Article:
The aim of the Comparative Ethnic Conflict programme is to use the methodological tools of the social sciences in analysing the causes and the attempted resolution of political conflict in ethnically divided regions such as Northern Ireland, the Middle East, Africa and South Asia.
Normally a 2.1 Honours degree or above or equivalent recognised qualification in Politics, International Studies or a related subject.
Applicants who are non-EEA nationals must satisfy the UK Border Agency (UKBA) immigration requirements for English language for visa purposes, normally by providing evidence of one of the following:
1 year full-time or 2 years part-time
Afternoon and evening.
Normally these degrees are self-funded. If there are any School bursaries, they will be advertised on the School's website
Six taught modules and a dissertation of not more than 15,000 words.
Approaches to Research Design
National and Ethnic Conflict Management
Theories of Ethnicity and Ethnic Conflict
And two modules from the following:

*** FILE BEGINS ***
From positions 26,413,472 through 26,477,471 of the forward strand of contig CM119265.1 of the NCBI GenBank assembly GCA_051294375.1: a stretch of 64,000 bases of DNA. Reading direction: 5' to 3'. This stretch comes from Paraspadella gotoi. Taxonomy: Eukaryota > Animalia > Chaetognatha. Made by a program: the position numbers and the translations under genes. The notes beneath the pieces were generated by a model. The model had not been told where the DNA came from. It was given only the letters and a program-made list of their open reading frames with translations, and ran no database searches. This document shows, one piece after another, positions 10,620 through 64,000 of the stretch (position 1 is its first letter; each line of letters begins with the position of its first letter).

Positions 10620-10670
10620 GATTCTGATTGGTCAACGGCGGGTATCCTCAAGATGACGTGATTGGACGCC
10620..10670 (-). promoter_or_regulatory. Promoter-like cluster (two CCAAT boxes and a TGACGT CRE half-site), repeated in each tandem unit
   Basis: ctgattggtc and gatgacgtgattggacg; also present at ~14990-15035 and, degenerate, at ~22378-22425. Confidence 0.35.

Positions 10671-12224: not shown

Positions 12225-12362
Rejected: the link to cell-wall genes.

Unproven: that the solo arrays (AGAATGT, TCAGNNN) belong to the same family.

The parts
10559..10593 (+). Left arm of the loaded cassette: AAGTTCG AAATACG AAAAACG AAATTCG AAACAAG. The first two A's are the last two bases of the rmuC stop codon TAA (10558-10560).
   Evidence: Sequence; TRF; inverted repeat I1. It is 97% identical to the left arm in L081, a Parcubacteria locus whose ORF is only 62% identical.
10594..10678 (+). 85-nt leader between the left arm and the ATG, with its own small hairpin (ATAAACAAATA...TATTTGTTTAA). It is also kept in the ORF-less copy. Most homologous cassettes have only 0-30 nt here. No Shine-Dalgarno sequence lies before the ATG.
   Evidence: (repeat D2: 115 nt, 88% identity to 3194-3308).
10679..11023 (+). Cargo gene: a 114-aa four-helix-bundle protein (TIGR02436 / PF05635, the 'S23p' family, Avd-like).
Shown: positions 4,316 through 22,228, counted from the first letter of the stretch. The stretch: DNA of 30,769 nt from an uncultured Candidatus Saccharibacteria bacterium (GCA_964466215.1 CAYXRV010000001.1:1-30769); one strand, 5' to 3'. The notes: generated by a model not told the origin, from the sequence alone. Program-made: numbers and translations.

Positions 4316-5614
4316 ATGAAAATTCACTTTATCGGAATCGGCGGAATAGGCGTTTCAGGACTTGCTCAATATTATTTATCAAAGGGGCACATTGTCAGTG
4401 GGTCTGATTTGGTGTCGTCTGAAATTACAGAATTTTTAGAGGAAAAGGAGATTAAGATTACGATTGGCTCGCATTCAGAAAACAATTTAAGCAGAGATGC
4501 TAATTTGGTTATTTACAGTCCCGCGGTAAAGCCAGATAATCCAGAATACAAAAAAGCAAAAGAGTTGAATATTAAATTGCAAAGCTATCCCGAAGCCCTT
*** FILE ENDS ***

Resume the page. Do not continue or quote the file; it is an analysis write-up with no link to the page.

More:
International Political Economy
International Political Philosophy
Ireland and Europe
Issues in European Governance
Politics of the Republic of Ireland
Examination and continuous assessment.
All of the MA programmes offered by the School provide an appropriate basis for those who wish to proceed to Doctoral study. In addition, our graduates go on to a wide range of careers in both the private and public sectors.
It is also possible to study for a Diploma in each of the areas covered by the School's MA programmes; this is constructed around the coursework elements of the MA programmes. On successful completion of the coursework, it is possible to complete the dissertation for an award of MA.
last updated 22.10.11